Farm.One, located in Manhattan, New York, takes a smaller-scale quality-focused approach to indoor crop production. They specialize in delicacies such as rare herbs, edible flowers, and microgreens, catering to Michelin-starred restaurants and upscale supermarkets in addition to individual consumers. The goal is to create a high quality product that is attractive to chefs and consumers alike. As stated by CEO Robert Laing on their website, “We scour the globe for rare seeds, and built a vertical farm with the very best technology to provide an edible experience unlike anything before.” (Farm.One, 2020).
Another way Farm.One increases efficiency of production and product quality is through its customized lighting systems, which are supplied by Fluence (OSRAM). This lighting system was built specifically to support a diverse range of plants in very close proximity. Able to adjust to fit the needs of each individual crop, it allows Farm.One to cultivate anything from microgreens to leafy greens. Further, unlike other indoor farms, Farm.One operates in several small scale areas. One of its farms, dubbed the Mini Farm, sits at a 3-tiered, 36 square foot area. This small footprint allows for a simpler management of crop health and a quicker harvest. The company claims the small-scale helps to preserve the product freshness and quality for customers while maintaining sustainable practices.
Looking forward, Farm.One plans to target other up-scale supermarkets and restaurants. They have already launched a small vertical farm in a Manhattan Whole Foods store and are looking to expand further.
Other Indoor Farms in NYC
Square Roots, located in Brooklyn, New York, is a high-tech, growing vertical farm. Founded by Kimball Musk, their goal is to modernize the food system to make produce accessible year-round for generations. They use a container system of indoor farming, designing their Super Farm to be a network of independent, climate-controlled containers. This system allows for ease of scale, crop diversity, and optimization by location (Musk 2019). They emphasize the importance of creating experiences for the younger generations, focusing on being able to work in tandem with technology.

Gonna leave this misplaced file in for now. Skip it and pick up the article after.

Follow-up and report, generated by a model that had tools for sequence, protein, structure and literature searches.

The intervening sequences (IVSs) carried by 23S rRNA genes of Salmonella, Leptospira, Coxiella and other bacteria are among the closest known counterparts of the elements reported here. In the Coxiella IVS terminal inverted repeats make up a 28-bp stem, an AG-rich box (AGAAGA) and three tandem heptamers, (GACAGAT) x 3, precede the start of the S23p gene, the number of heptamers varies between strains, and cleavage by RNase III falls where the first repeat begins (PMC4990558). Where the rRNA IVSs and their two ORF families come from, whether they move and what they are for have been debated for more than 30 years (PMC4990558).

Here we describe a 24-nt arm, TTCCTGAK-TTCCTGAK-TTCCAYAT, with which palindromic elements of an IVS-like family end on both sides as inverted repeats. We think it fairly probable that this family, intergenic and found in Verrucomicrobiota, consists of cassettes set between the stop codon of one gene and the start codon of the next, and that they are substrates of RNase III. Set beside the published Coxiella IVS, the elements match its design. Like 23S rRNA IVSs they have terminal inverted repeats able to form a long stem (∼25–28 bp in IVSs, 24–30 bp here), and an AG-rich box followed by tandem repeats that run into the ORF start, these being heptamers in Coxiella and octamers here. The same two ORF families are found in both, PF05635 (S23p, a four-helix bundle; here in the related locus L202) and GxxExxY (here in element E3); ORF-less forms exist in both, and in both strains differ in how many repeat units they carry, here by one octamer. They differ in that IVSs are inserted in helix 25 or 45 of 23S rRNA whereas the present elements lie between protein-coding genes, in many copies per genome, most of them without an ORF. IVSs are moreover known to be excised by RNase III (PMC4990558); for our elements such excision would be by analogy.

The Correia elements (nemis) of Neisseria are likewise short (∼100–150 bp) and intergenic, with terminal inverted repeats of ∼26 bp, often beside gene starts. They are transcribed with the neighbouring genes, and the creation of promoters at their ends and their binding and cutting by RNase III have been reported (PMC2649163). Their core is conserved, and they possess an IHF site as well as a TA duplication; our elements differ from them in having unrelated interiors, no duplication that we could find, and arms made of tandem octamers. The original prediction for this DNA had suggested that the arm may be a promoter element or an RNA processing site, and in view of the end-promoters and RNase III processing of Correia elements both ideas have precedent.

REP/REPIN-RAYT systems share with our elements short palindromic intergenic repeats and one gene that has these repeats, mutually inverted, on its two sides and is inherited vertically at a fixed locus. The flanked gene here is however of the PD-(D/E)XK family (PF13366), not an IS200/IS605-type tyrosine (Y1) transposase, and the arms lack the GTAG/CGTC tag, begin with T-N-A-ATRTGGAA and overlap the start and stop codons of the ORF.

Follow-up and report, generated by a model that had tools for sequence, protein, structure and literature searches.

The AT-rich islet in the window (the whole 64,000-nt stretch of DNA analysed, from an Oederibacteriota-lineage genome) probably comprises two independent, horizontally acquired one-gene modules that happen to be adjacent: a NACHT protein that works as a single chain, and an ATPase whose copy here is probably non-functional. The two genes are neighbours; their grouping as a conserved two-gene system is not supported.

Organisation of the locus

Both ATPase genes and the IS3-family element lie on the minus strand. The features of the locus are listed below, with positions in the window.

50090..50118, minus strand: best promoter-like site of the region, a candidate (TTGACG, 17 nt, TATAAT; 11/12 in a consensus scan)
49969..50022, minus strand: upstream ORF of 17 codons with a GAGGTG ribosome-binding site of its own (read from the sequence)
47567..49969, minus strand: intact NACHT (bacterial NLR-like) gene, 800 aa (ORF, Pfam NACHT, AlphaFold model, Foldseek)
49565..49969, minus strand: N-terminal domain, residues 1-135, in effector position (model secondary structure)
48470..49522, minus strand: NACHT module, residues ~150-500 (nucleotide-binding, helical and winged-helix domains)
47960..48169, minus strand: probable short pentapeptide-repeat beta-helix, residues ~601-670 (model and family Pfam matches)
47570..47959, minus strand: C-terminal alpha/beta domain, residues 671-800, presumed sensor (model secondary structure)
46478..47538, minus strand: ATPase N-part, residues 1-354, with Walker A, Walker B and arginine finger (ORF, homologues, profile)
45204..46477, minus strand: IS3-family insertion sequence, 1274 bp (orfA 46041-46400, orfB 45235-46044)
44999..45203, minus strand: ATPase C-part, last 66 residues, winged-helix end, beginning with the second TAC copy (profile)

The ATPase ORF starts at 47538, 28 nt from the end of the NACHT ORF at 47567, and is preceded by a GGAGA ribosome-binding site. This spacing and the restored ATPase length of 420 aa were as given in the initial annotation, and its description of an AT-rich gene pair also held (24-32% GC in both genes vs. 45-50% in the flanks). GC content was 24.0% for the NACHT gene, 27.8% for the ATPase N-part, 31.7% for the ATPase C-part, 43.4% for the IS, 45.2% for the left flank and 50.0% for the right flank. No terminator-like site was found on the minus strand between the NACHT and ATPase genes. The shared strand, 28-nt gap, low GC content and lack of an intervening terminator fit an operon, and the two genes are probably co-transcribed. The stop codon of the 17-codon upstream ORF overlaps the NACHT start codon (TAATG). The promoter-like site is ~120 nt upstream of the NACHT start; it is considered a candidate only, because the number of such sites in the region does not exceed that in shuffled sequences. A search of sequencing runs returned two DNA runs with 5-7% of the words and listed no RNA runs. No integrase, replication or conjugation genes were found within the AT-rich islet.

Oishii Farms is a smaller-scale hydroponic farm focusing its attention on growing high-quality strawberries. Their seeds come from Japan, and they strive to produce ripe, juicy berries year-round. They claim to emphasize quality above any other factor, selling only fruit in its finest form. While the actual location of their farm is unclear (it is not indicated on the web site), Oishii Farms delivers mainly to the NYC area including the Upper West and Upper East Sides, Midtown, and Lower Manhattan.
Verticulture is an aquaponic farm in Flushing, New York which primarily produces basil for local retailers. They raise Tilapia fish, currently housing about 150 of them to be used for plant nutrients. A six-year-old company, Verticulture is selling its produce to restaurants and markets in the New York metro area. Their stated mission to produce food in an sustainable and efficient manner, using the fish to produce nutrients for the plants and the plants to filtrate water for the fish. In the future, the company is looking to to further develop its aquaponic practices to become more economically viable.
Rikers Island Greenhouse is a nonprofit organization that offers greenhouse training and therapy to the Rikers Island jail complex inmates. Inmates are able to learn gardening skills, care for plants, and foster a greater appreciation for their food. They have a large emphasis on building community support and development, all the while producing an abundance of organic produce.
Already a leader in many business aspects such as financial services and retail trade, New York has recently embraced the indoor farming movement. This industry allows them to produce and deliver fresh food to feed a rapidly growing population on limited land. While most of the larger indoor farms focus on mass quality production for restaurants, supermarkets, and individual consumers, several of the smaller ones emphasize community and education. We look forward to seeing the progress of these evolving indoor vertical farms in NYC and vicinity.
1. AgFunder Network Partners. (2020). Gotham Greens raises $87m Series D funding to decentralize food production. https://agfundernews.com/gotham-greens-raises-87m-series-d-funding-to-decentralize-food-production.html
2. Farm.One. (2020). farm.one. https://farm.one/
3. Investopedia. (2019). New York’s Economy: The 6 Industries Driving GDP Growth. https://www.investopedia.com/articles/investing/011516/new-yorks-economy-6-industries-driving-gdp-growth.asp
4. NYC Department of City Planning. (2015, July). Population – New York City Population. https://www1.nyc.gov/site/planning/planning-level/nyc-population/population-facts.page.
5. Square Roots. (2019). 10 Ways Container Farms Empower Next Gen Farmers. https://squarerootsgrow.com/2019/04/15/10-Ways-Container-Farms-Empower-Next-Gen-Farmers.html
6. Stein, E. W., (2021). The Transformative Environmental Effects Large-Scale Indoor Farming May Have On Air, Water, and Soil. Air, Soil and Water Research. January 2021. doi:10.1177/1178622121995819
7. World Population Review. (2021). New York Population 2021. https://worldpopulationreview.com/states/new-york-population
Eric W. Stein, Ph.D. and Victoria Mock were contributors to this post.